imperative that the device itself has minimal, if any, negative effect on the transcription
or translation process). It was found that all adhesives tested exhibited some amount of
inhibition to the PCR results.
DNA Positive Krazy Vetbond Super DNA 302-3M 353ND-T Positive
Glue Glue A Marker B
Figure 3-4. PCR results for adhesives considered in this study. A) cyanoacrylates. B)
Of the three cyanoacrylate glues tested, Vetbond inhibited the reaction the least,
indicating that it would be the best of those choices. Unfortunately, none of these
adhesives survived the autoclaving process (used for sterilization at the time), and the low
viscosity of the adhesive also made application of consistent amounts of glue
Two types of epoxies were examined as replacement adhesives. 302-3M has
reportedly met U.S. Pharmacopeia (USP) class VI standards for biological compatibility;
353ND-T has not been met those standards, but a related system, 353ND, has .
Neither of these adhesives completely inhibited the reaction, as shown in Figure 3-4 B.
That the signal is reduced by about the same amount in each sample suggests that
inhibition may have resulted from a systemic factor, such as the solid piece of adhesive
limiting the circulation and mixing during the PCR process. We proceeded with 353ND-
T due to its viscous nature, which allowed the formation of a better film.
One design issue of note is that despite our doubling of the manufacturer's cure
recommendation for that temperature, the epoxy doesn't reach full cure until after
sterilization. Figure 3-5 shows devices at various stages of the fabrication process; #1
has been cured in an oven, while #2 has been UV sterilized. Note the color change: the
epoxy starts out yellow or light brown, but turns to a dark amber color; this color is an
indication of level of cure.
Figure 3-5. Demonstration of incomplete curing of epoxy during insert fabrication. 1)
shows results after initial cure and 2) shows results after UV sterilization. 3)
Bulk epoxy that underwent same cure conditions as 1), but no sterilization.
The fact that #1 is not fully cured is believed to be a result of the quantity of epoxy
being too small: epoxy cures via an exothermic reaction, and harvests energy both from
the external environment and the heat generated by the reaction itself; not having enough
epoxy means that more energy must be drawn from the environment, requiring warmer
temperatures and/or longer times in the oven. This was verified by curing a more
significant amount of epoxy using the same conditions as #1; the resulting product is
3.4.3 Protein Expression
The primary goal of this system was to exhibit higher protein yields than were
typical for existing, closed environment systems. Figure 3-6 shows the results from the
quantification of the western blot tests run to measure the amount of protein expressed in
each system. It is observed the signal intensities are similar after two hours, but where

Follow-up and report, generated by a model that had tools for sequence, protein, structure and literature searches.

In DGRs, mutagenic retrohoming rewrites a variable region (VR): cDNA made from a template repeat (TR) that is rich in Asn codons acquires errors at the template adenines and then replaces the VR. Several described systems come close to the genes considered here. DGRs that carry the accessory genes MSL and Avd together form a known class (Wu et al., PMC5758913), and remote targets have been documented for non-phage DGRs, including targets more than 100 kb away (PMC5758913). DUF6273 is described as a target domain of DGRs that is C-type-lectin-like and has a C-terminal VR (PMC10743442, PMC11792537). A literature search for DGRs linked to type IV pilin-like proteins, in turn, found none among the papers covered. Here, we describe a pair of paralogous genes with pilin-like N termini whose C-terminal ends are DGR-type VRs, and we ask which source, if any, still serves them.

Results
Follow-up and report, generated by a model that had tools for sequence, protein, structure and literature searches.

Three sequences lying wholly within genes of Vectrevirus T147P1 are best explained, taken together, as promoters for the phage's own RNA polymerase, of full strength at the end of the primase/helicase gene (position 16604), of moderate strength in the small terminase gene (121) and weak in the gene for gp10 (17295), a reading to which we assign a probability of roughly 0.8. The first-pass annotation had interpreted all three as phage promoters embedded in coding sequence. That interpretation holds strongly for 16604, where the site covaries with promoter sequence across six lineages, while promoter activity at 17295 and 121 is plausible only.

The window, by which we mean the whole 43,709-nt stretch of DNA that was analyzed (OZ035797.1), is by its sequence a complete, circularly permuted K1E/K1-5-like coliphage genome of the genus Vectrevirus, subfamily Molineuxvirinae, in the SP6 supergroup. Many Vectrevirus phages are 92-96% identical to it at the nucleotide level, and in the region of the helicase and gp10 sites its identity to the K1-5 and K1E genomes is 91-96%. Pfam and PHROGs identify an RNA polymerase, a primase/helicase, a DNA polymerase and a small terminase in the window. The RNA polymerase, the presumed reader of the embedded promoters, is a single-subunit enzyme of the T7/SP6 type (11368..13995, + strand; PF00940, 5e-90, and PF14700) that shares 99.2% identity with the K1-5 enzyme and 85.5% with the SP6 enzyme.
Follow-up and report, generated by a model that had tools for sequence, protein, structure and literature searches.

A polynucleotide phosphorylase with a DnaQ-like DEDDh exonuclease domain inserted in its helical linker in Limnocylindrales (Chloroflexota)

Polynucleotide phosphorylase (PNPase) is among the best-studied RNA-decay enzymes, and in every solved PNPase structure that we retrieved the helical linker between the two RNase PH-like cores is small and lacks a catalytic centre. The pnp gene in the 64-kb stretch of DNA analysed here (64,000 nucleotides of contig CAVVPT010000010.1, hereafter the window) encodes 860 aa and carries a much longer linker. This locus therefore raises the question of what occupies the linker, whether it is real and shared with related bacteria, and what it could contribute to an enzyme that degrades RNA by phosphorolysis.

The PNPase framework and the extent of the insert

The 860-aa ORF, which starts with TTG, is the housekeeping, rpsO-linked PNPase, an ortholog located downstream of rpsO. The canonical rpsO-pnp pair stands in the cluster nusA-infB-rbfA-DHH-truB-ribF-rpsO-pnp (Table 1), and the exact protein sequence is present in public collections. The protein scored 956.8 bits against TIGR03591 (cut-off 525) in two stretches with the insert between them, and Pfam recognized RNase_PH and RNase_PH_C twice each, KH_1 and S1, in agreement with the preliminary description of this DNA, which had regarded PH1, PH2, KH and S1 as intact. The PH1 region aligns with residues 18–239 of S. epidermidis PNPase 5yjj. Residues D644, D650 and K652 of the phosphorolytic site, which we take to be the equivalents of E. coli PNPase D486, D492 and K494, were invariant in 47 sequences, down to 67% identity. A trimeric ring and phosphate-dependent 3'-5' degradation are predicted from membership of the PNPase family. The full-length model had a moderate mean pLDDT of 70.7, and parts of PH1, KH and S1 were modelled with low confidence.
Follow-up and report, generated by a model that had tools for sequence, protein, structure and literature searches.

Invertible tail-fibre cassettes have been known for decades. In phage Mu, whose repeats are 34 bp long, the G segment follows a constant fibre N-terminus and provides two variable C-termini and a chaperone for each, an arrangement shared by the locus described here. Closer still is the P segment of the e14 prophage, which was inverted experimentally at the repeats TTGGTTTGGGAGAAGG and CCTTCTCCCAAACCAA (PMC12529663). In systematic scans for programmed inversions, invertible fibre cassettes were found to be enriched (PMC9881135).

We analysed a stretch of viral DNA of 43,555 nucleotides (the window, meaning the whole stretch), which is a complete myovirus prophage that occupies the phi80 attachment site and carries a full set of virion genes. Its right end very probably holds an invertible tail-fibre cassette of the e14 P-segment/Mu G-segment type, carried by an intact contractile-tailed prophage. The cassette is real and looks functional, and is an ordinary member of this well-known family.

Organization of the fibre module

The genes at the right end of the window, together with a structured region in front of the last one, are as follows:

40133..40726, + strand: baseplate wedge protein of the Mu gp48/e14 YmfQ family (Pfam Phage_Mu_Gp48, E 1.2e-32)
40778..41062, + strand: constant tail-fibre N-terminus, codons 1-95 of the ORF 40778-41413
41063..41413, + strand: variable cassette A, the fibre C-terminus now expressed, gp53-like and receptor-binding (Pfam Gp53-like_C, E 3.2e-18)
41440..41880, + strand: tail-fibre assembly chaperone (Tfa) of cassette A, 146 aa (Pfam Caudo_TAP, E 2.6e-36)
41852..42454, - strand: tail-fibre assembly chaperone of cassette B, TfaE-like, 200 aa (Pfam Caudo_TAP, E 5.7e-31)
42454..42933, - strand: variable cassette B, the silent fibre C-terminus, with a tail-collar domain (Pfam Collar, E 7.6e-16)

the microcentrifuge tube's protein content remains fairly constant, samples from the tray
show significant growth over time, eventually exhibiting signal intensity approximately
an order of magnitude stronger than the conventional microcentrifuge tubes. This shows
that the device does indeed produce higher yields than the closed environments currently
used for microarrays.
15000 A Microcentrifuge tube
0 A A A A A
0 4 8 12 16 20 24 28
Incubation time (h)
Figure 3-6. Comparison of expression of CAT between microcentrifuge tube and device.
A small-scale, dual chamber device for protein expression has been developed by
milling a reaction chamber from acrylic, using epoxy to attach a dialysis membrane, and
then submerging it in a feeding chamber. This system has been shown to produce signals
approximately an order of magnitude stronger than the conventional means of closed
reaction vessels (microcentrifuge tubes or conventional well plates).
The system presented uses a total of 77 [tl of solution; while this compares
favorably with the Roche 500 system which consumes 1 ml, is still at least two orders of
magnitude larger than the single chambered nano- and picoliter systems reported by
others [59,60]. Though it only has six wells in its current form, well size and spacing
conforms to existing 96-well plate formats, allowing arrays of up to that size with
minimal additional effort. While further reduction in the volume may be possible (i.e. to
384- or 1536-well plate standards), liquid migration by traveling along the wetted out
surfaces of the tray and well plate will probably become a limiting factor of this design.
CONCLUSIONS AND FUTURE RECOMMENDATIONS
The applications and needs for microfluidic lab-on-a-chip technology are
increasingly growing. This thesis has developed and characterized two fabrication
methodologies: a compression molding process that can be applied to any laboratory-
scale exploratory work of new designs, and a machining process used to create a device
for the specific application of protein expression. Presented here the overall conclusions,
as well as recommendations for aspects that may deserve further study.
4.1 Compression Molding Process Optimization
A compression molding process for fabricating thermoplastic microfluidic devices
has been characterized. The total process consists of molding the device, using a mill to
define reservoirs and edges, and laminating with film of identical material to seal the
During the molding process, replication of bulk features (ridges/channels) appears
to be independent of molding conditions over the range that was tested, but device